Transforming other educators

Up until now, the corner of the blogosphere that is devoted to learning has done a great job of exploring issues, options and what's missing in the worlds of education. As others have observed, there seems to be a disconnect with the trenches of classroom teaching, corporate training, instructional design and technology integration. I'm sensing it's time for our blogging to enter its next phase where others are transformed by our presence, practice and purpose.

Those in the trenches of education, who are unaware and unaffected by us, are very busy. They are preoccupied with their very full plates and constant experience of being under the gun and falling behind. They don't have the time or the energy to read/write blogs, to reflect on their professional conduct, or to consider their effects on other learners. They can only try harder at what they are already pursuing. They have one degree of freedom that they are exploring with a vengeance.

There are two things I see we can do for these devotees of the status quo: add a new dimension to their work lives or give them the space of acceptance to outgrow their self-imposed limitations.

If their mad pursuit of professional obligations fills a horizontal plane, we are in a position to add a vertical dimension to their experience. We can rise above their struggles to see patterns, overviews, and panoramic possibilities. We can also delve below their full plate to help them discover their underlying purpose, unique perspectives and particular passions that nourish their pursuits.  This added dimension to their experience would give them ways to reflect on their efforts, a sense of timing to moderate their frenzy and a perspective that values how they are changing with additional experience.

We are also in a position to give the frenetic educators space to discover options on their own. When we see processes unfolding perfectly, we can validate their phase in the sequence. When we see how one development leads to the next, we can encourage them to do their thing. As we realize how systems yield wonderful changes emergently, we can let go of making things happen and enjoy the day to day process. In this appreciative space:

  • complaints become acknowledgement
  • intolerance becomes respect
  • pressure becomes trust
  • frenzy becomes moderation
  • meaninglessness becomes purpose
  • burnout becomes passion
  • anxiety becomes vision

Both the added vertical dimension and appreciative space in the lives of educators will transform them in these ways and more.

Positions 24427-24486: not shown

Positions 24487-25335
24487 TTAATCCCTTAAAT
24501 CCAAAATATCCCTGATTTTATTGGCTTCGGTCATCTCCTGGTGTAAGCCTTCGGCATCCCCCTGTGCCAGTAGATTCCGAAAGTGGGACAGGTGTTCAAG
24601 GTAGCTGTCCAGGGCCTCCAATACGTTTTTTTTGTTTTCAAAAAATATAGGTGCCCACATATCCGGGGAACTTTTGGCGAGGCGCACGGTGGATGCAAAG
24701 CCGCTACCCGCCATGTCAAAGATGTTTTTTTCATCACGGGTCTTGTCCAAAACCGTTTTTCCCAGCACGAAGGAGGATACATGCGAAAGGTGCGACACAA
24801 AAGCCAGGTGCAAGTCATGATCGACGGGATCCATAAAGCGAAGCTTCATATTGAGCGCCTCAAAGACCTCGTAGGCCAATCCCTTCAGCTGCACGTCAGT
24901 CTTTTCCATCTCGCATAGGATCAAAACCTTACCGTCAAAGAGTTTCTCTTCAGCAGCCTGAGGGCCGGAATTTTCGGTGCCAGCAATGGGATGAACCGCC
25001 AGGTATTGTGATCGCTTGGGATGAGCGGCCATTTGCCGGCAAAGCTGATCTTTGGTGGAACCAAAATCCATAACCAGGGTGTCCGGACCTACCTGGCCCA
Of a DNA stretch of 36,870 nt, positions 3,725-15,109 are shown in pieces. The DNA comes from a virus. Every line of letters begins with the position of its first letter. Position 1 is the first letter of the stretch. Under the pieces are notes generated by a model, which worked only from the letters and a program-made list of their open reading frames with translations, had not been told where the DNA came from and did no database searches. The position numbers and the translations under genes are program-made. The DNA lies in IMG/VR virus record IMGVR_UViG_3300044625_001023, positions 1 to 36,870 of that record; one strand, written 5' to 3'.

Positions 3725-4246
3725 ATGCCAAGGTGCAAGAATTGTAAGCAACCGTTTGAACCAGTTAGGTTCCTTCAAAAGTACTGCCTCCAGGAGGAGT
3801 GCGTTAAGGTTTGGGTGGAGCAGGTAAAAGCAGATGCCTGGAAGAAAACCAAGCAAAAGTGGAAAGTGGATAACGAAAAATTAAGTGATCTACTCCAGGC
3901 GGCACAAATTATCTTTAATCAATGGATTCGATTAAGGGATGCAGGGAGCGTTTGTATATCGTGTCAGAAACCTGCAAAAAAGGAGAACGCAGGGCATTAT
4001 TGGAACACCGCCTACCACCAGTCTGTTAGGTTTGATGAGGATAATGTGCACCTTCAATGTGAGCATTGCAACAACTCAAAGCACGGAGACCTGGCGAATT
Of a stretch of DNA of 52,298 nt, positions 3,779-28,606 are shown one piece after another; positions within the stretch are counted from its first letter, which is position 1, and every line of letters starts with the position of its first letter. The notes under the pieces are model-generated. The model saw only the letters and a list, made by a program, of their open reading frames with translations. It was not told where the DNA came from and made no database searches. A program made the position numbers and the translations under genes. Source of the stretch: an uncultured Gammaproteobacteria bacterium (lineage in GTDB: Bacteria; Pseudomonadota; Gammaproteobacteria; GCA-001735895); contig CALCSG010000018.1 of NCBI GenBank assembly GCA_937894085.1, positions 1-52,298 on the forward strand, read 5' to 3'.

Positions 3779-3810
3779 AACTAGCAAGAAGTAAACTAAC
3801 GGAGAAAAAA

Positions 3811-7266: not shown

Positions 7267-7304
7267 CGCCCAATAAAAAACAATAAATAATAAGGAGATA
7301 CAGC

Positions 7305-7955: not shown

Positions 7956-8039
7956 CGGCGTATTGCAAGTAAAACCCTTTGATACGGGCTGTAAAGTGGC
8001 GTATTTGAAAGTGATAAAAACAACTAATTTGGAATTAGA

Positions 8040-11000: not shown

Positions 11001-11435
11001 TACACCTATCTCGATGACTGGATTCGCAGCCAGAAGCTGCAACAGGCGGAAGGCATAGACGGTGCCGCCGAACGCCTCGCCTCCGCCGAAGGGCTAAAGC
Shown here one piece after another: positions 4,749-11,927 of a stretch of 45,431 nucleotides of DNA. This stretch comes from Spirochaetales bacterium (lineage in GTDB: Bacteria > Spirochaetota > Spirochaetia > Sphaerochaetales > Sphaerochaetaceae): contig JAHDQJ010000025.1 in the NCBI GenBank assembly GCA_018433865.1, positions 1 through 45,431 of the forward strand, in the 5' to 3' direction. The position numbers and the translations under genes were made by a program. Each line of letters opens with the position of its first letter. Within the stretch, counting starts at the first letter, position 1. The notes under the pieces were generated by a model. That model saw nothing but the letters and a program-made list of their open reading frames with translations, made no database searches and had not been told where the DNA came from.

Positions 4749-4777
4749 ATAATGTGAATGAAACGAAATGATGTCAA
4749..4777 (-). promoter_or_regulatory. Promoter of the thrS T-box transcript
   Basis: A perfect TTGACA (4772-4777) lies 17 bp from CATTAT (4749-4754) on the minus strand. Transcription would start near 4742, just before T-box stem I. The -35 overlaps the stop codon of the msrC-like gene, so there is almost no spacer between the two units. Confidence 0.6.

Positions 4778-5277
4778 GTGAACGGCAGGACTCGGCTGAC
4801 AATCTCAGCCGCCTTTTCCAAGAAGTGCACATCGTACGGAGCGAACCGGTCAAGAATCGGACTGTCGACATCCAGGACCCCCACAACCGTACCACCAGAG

1 comment:

  1. Tom:

    I agree with everything you've written in your post. I agree that acknowledging that educators are overworked, under-resourced and not appreciated is a must if we ever hope to gain their attention. (After all, context is everything.)

    I also agree that amazing things can happen when we drop our predispositions regarding those we seek to help and work with them at their level.

    But I just don't think you model goes far enough. I believe there are two more factors to be taken into account. First, it's incumbent upon those of us who hope to lead to be honest about the urgency of the need for change. Your approach of guiding them to find the light in their own way and time may often lead to them realizing that the light is attached to the train that's about to run them over.

    Second, even those who see a need for change will often be unable to take the actions necessary to create the change needed. Whether it's parents' organizations or government regulations for public school teachers, senior management that have no understanding that learning is an ongoing, not a one-off process, for workplace learning professionals, or a tenure policy that discourages self-reflection or experimentation with new ideas for higher education faculty and staff many of the situations we and our colleagues find ourselves in are broken.

    So to your vertical dimension and appreciative space, I'd add holding a white-hot spotlight on the changes that are coming so that everyone can see reality. In addition, I believe it is incumbent upon those of us who wish to lead to provide both external pressures for change and the tools for educators to use in their efforts to effect change from within.

    Thanks for starting the discussion, Tom!